The security freeze is designed to prevent credit, loans, and services from being approved in your name without your consent. When you place a security freeze on your credit report, within five (5) business days you will be provided a personal identification number or password to use if you choose to remove the freeze on your credit report or to temporarily authorize the release of your credit report for a specific period of time after the freeze is in place. To provide that authorization, you must contact the consumer reporting agency and provide all of the following:

  1. The unique personal identification number or password provided by the consumer reporting agency.
  2. Proper identification to verify your identity.
  3. The proper information regarding the period of time for which the report shall be available to users of the credit report.

A consumer reporting agency that receives a request from a consumer to temporarily lift a freeze on a credit report shall comply with the request no later than three (3) business days after receiving the request.

A security freeze does not apply to circumstances where you have an existing account relationship and a copy of your report is requested by your existing creditor or its agents or affiliates for certain types of an account review, collection, fraud control, or similar activities.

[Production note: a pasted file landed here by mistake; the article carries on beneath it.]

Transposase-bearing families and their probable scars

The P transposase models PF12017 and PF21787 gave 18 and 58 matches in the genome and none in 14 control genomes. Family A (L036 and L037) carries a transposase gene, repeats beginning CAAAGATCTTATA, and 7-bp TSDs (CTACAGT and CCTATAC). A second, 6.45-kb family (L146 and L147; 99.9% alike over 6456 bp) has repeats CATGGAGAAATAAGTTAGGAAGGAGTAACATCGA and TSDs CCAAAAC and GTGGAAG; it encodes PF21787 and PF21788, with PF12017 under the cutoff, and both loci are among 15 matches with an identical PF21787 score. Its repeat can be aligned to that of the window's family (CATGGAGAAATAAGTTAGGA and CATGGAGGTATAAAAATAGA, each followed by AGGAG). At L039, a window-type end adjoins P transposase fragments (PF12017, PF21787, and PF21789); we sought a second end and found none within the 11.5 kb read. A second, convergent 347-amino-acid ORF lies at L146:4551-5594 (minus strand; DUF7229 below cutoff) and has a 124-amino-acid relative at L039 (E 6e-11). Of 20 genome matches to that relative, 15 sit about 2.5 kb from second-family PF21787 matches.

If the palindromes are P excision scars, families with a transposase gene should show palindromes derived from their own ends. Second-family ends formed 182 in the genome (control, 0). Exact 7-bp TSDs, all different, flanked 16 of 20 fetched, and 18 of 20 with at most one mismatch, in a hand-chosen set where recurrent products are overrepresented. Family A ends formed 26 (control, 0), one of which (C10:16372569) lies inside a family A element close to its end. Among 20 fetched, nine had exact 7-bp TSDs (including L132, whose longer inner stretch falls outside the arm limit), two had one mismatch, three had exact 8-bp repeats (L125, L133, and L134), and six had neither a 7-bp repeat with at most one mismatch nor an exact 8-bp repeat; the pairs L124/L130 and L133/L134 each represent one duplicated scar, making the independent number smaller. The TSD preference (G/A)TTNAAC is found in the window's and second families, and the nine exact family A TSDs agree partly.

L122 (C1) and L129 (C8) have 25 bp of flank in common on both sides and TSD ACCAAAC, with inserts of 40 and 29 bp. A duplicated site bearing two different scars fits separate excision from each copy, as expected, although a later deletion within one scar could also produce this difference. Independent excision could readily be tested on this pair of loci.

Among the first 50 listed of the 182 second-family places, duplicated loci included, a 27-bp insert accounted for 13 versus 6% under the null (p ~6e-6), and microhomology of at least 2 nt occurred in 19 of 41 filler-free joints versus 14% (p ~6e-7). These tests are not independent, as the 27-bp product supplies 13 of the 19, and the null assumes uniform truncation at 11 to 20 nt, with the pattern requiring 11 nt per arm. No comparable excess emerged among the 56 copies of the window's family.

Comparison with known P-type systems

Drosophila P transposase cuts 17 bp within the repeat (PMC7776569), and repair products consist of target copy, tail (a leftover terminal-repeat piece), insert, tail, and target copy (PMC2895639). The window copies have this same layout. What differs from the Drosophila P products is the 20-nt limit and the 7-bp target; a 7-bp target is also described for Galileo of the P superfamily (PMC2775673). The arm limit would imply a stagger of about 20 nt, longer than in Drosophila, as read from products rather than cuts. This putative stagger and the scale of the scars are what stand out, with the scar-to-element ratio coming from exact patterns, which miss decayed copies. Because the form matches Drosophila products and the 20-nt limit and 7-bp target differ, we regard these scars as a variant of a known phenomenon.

If you are actively seeking a new credit, loan, utility, telephone, or insurance account, you should understand that the procedures involved in lifting a security freeze may slow your own applications for credit. You should plan ahead and lift a freeze — either completely, if you are shopping around, or specifically for a certain creditor — with enough advance notice before you apply for new credit for the lifting to take effect.

You have a right to bring a civil action against someone who violates your rights under the credit reporting laws. The action can be brought against a consumer reporting agency or a user of your credit report.

To place a security freeze on your credit report, you must send a request to each of the three major consumer reporting agencies: Equifax, Experian, and TransUnion. These agencies can be contacted using the contact information provided above.

In order to request a security freeze, you may need to provide the following information:

  1. Your full name (including middle initial as well as Jr., Sr., II, III, etc.);
  2. Social Security number;
  3. Date of birth;
  4. Complete address;
  5. Prior addresses;
  6. Proof(s) of identification (state driver’s license or ID card, military identification, birth certificate, etc.);
  7. If you are a victim of identity theft, a copy of either the police report, investigative report, or complaint to a law enforcement agency concerning identity theft.

There were 234 Rhode Island residents impacted by this incident.